The Moderna study found that most common side effects were mild and included injection-site pain, fatigue, headache and chills. Severe adverse reactions were rare but occurred more frequently after the second dose.
After a brief halt of the use of the Johnson & Johnson vaccine, the CDC and FDA recommended the continued use of the vaccine effective April 23, 2021. However, women younger than 50 should be aware of the rare risk of blood clots with low platelets after vaccination. If you've received the Johnson & Johnson vaccine, here's what you should know. For more information, read the CDC/FDA statement regarding the safe use of the Johnson & Johnson vaccine.
Common side effects of the Johnson & Johnson vaccine include pain, redness and swelling in the arm where you received the shot, fatigue, headache, muscle pain, chills, fever and nausea.
For maximum effectiveness, the vaccines require two doses: 21 days apart for the Pfizer vaccine and 28 days apart for the Moderna vaccine. Only one dose is required for the Johnson & Johnson vaccine.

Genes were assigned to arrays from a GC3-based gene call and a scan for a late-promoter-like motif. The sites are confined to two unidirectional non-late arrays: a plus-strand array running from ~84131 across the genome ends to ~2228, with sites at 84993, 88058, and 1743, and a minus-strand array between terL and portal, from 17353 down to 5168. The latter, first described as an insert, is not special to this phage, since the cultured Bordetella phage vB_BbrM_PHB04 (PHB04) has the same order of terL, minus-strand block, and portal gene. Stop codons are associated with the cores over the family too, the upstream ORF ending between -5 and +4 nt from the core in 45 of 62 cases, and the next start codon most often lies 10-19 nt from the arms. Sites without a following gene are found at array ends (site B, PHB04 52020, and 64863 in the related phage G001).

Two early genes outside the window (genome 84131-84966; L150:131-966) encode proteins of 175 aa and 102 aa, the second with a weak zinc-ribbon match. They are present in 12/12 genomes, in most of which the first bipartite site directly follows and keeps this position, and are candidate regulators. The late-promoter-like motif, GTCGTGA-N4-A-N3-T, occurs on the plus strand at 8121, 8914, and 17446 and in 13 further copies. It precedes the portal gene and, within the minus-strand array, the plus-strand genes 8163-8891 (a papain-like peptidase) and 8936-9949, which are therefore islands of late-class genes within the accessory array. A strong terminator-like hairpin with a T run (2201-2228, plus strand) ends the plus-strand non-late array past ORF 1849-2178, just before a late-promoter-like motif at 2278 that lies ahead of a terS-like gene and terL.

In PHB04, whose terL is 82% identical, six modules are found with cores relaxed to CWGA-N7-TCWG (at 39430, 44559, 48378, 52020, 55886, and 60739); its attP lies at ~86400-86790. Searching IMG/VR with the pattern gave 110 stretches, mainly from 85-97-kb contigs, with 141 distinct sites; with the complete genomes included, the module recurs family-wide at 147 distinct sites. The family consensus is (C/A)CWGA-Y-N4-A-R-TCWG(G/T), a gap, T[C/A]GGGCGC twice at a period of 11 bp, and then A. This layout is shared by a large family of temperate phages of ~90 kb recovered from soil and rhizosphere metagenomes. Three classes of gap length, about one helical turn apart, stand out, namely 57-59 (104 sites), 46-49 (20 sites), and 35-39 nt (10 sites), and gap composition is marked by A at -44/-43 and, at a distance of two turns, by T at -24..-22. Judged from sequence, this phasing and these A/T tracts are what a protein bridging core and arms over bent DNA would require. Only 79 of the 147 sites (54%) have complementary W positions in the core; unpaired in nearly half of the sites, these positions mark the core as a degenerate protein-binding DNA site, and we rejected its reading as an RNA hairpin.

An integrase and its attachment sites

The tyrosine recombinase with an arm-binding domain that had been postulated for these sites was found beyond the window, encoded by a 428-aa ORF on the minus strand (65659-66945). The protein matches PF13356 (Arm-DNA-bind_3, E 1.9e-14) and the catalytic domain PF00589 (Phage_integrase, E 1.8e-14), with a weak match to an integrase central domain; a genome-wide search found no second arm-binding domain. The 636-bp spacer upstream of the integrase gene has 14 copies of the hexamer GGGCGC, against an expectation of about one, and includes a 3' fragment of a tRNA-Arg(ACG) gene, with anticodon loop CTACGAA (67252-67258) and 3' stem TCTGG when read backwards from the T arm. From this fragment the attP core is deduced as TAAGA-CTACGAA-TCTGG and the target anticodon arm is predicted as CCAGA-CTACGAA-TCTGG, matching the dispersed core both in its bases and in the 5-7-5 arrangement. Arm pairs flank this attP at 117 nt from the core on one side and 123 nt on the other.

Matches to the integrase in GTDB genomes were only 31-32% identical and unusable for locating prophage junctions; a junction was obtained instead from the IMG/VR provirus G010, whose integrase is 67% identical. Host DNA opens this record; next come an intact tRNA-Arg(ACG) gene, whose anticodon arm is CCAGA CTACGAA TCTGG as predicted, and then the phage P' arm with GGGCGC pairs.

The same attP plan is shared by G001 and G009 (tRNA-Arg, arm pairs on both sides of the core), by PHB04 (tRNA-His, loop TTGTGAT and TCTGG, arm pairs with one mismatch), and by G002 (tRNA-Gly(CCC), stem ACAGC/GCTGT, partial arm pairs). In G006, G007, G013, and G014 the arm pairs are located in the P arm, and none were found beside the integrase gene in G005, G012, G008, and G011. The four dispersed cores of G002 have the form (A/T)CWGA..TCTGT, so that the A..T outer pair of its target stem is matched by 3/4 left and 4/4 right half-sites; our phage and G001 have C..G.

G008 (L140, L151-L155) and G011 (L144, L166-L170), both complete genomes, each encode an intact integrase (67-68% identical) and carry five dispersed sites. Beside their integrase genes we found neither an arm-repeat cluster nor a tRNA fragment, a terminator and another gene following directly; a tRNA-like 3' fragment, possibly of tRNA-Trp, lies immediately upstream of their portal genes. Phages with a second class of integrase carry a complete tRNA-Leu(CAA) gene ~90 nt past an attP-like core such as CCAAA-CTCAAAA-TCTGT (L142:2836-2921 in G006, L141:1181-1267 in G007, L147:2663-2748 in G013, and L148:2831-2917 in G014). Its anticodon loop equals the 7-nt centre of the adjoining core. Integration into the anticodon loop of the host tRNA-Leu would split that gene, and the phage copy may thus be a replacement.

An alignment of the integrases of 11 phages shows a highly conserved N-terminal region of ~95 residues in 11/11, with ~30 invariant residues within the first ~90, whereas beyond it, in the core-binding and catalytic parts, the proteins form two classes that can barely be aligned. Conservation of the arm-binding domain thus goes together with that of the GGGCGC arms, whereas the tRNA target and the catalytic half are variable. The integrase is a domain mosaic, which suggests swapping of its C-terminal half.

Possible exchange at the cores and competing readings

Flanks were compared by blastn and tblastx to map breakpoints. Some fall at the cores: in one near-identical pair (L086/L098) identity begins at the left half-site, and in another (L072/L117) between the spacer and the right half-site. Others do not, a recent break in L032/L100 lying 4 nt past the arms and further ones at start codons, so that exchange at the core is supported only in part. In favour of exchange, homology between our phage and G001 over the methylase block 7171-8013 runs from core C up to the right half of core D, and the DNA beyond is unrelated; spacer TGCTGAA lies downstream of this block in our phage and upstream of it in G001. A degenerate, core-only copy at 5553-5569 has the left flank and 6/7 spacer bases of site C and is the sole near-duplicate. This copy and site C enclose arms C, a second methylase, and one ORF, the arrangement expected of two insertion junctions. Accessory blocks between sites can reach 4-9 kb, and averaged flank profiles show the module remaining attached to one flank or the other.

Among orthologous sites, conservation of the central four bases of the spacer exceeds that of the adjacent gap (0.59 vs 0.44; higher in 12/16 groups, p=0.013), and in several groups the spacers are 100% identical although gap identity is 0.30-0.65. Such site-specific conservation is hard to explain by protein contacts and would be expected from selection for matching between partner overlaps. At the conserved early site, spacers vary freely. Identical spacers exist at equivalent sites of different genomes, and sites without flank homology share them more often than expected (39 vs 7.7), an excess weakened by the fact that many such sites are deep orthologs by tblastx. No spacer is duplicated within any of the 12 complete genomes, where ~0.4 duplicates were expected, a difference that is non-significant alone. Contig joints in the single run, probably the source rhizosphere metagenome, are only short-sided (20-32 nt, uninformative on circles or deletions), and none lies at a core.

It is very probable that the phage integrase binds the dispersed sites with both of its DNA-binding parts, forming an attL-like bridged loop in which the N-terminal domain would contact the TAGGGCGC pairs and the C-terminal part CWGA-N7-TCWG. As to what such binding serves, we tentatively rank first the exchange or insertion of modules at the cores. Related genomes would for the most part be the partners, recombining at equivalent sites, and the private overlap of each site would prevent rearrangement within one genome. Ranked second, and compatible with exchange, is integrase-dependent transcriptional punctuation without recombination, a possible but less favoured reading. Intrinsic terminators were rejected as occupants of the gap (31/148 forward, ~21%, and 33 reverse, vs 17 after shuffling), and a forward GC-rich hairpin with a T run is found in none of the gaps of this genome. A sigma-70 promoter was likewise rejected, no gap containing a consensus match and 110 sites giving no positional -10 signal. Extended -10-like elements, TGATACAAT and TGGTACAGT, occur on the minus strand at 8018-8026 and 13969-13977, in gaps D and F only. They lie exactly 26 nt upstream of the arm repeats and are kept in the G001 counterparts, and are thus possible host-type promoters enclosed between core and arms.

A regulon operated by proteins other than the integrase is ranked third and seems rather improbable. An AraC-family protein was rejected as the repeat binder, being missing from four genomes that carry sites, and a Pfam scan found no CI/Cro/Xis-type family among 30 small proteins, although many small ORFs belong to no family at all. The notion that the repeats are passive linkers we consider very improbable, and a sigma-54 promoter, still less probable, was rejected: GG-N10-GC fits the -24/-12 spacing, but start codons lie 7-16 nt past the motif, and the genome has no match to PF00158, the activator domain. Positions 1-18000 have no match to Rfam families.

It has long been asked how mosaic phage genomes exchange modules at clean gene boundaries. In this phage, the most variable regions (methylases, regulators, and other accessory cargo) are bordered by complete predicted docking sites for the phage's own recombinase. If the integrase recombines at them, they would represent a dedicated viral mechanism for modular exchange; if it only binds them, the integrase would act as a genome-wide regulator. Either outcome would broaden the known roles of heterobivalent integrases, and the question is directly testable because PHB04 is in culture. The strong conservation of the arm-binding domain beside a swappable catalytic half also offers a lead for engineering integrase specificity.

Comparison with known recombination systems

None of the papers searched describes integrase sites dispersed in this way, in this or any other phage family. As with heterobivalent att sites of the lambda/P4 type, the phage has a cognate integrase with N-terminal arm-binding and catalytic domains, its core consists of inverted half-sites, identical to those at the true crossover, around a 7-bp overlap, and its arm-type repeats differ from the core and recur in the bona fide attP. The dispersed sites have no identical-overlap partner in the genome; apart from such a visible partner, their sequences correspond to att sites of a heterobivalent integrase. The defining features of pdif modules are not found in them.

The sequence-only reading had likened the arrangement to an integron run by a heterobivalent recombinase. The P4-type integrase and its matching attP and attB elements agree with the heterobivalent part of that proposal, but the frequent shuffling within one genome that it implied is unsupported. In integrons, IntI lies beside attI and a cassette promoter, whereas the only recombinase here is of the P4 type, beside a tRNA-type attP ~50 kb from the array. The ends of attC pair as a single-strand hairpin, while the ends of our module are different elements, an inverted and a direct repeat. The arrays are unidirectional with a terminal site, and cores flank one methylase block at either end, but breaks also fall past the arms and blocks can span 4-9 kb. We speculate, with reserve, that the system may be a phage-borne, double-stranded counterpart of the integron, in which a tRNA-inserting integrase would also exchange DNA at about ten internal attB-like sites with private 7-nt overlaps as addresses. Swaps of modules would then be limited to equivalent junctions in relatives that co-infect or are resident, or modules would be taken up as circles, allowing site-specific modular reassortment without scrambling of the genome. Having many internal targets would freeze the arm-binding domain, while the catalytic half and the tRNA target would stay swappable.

According to CDC recommendations, fully vaccinated individuals (2 weeks after the second of a two-dose vaccine, or 2 weeks after a one-dose vaccine) can resume activities without wearing a mask or physicially distancing, except where required by federal, state, local, tribal or territorial laws, rules and regulations, including local business and workplace guidance.
The CDC suggests that those with an immune-weakining condition, or who take medication that weakens the immune system, should talk to their health care provider before easing precautions after being fully vaccinated.
The Pfizer and Moderna vaccines are known as mRNA vaccines. They have strands of genetic material called mRNA inside a special coating. That coating protects the mRNA from enzymes in the body that would otherwise break it down. It also helps the mRNA enter the muscle cells near the vaccination site in the upper arm.
The vaccines give instructions for our cells to make a harmless piece of what is called the “spike protein.” The spike protein is found on the surface of the virus that causes COVID-19.
Once the instructions (mRNA) are inside the immune cells, the cells use them to make the protein piece. After the protein piece is made, the cell breaks down the instructions and gets rid of them.
Next, the cell displays the protein piece on its surface. Our immune systems recognize that the protein doesn’t belong there and begin building an immune response and making antibodies, like what happens in natural infection against COVID-19.